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Home / Sex and Relationship / The idiot box syndrome

The idiot box syndrome

Television has eaten into most of our personal time. But you can still reconnect with the children, writes Dr Rita Kalra.

sex-and-relationships Updated: Jun 07, 2008 18:23 IST
Dr.Rita Kalra
Dr.Rita Kalra

One of the most time-consuming activities in the life of young children these days is neither school nor family interaction, instead, it's watching TV. No doubt TV can be an educational medium, depending on what kids watch, but most television programmes these days border on terrible.

Some people ask, wouldn't it be better to get rid of our TV sets until after our children have grown up? But TV with its unparalleled capacity, has occasionally demonstrated the potential it carries. So, don't smash the set in despair. Learn to control it, instead of becoming its slave.

Conversation killer TV is an enemy of conversation within the family.A child once reprimanded the television technician as he came two days later than he was supposed to, for repairing the set. "Uncle," said the child, "why did you come late, we had to talk to each other to pass our time." Really, how can we talk to each other when a multi-crore production in living colour is always beckoning out attention?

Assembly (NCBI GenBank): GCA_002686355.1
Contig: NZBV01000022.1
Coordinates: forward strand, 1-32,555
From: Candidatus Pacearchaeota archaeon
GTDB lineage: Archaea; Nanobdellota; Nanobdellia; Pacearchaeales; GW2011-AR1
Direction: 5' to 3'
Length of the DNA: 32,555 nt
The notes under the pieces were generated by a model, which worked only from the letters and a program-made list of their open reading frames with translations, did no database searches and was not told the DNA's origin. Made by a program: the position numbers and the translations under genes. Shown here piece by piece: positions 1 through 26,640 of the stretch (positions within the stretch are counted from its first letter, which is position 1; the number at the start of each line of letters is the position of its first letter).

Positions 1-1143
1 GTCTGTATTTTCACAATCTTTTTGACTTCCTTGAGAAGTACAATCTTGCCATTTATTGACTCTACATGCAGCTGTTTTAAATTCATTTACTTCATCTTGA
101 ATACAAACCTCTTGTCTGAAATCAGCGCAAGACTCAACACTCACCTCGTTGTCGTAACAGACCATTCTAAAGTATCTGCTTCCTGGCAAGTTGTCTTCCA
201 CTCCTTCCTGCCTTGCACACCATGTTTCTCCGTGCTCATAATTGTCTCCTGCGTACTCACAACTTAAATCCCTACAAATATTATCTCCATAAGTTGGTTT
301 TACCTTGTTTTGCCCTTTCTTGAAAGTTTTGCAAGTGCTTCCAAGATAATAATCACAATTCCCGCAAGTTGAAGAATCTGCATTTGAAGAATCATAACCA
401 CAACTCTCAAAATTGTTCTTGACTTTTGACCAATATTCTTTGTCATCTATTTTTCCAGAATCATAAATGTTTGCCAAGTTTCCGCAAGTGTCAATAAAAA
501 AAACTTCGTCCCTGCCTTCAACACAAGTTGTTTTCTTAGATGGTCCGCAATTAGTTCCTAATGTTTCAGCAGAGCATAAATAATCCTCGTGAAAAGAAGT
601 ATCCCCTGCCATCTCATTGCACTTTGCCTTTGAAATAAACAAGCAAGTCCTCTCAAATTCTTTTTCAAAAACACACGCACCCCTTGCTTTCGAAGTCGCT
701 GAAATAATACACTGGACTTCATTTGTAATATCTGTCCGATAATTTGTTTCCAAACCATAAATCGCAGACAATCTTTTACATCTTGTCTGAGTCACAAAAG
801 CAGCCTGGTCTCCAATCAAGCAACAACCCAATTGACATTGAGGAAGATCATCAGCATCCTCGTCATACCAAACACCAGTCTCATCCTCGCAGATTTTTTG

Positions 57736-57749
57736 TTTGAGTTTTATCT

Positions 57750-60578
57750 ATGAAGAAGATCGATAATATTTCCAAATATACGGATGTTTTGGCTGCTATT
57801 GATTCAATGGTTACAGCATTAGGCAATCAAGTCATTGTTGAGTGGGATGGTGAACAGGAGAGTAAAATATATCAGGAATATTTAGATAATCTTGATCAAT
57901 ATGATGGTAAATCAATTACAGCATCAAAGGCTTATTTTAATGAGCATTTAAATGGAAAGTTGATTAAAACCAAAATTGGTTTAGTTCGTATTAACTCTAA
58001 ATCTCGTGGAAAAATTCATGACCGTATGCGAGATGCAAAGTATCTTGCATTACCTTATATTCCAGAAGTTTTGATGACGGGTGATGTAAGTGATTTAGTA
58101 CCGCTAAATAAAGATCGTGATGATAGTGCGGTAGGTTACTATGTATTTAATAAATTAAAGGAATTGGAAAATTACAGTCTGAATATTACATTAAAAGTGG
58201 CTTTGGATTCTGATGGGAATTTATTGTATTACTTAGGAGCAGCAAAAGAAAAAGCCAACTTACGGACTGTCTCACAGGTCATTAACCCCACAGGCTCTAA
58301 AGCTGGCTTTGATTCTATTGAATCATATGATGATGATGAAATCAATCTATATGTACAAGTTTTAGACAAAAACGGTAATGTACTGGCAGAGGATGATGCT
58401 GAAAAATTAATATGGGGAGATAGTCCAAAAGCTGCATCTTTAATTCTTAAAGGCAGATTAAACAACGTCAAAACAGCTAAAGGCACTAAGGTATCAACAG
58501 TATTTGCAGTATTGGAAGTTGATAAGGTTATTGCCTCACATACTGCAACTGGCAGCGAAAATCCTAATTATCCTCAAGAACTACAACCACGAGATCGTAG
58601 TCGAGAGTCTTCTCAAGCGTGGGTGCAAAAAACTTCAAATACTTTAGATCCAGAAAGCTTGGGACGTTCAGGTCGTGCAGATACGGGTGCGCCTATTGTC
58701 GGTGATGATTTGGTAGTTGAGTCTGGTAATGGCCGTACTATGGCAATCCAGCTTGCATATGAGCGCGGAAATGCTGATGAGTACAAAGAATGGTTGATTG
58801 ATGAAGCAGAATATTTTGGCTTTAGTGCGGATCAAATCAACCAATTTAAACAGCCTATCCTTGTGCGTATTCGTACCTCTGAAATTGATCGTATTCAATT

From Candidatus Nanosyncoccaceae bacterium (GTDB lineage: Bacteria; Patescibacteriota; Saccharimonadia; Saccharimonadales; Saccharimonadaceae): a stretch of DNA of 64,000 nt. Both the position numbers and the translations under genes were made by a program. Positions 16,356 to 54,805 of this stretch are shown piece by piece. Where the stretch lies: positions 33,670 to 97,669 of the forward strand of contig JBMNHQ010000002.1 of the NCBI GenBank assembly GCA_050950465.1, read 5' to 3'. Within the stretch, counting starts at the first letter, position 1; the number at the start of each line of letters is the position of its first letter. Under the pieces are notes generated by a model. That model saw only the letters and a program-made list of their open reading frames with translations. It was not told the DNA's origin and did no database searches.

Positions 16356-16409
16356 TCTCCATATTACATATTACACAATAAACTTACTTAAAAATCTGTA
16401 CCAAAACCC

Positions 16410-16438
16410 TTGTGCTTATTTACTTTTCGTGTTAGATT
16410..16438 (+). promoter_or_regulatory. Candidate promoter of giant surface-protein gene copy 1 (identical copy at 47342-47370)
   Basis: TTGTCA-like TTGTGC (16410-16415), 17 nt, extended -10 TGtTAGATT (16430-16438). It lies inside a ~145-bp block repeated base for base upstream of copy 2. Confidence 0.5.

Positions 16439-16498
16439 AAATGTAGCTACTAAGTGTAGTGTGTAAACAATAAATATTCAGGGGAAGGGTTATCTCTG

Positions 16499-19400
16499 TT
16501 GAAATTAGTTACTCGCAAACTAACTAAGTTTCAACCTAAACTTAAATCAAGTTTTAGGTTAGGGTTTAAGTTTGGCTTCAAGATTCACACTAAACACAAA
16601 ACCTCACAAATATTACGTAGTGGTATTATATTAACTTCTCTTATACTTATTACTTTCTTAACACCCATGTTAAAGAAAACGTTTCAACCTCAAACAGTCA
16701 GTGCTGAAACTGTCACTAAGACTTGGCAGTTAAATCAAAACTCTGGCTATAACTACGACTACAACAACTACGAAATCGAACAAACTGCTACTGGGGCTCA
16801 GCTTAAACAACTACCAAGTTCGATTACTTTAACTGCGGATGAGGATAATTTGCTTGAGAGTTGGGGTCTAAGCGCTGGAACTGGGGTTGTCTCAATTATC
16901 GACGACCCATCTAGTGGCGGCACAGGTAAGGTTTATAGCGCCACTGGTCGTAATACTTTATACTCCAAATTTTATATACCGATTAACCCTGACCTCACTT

Another factor of concern is the current fashion, whereby programme directors are compelled to go a little further, use a little more profanity, discuss the undiscussable, assault the concept of good taste and decency In doing do, they are hacking away at the foundations of the family.

There are three objectives to be followed when TV comes between you and your child - to monitor the quality of the programmes being watched; to regulate the quantity of television they see; and to include the entire family in establishing a television policy, if possible.

Here is a system that is very effective in accomplishing all three of these purposes. Step 1: Parents should sit down with the children and select a list of approved programmes that are appropriate for each age level.

Step 2: Cut pieces of paper about the size of a normal movie ticket. Issue each child 10 tickets per week, and let him use them to "buy" the privilege of watching the programmes on the approved list. When his tickets are gone, his television viewing is over for that week. This teaches him to choose what he most wants to spend his time on.

This system can be modified to fit individual home situations. You might also give extra tickets as rewards for achievement or some other praiseworthy behaviour.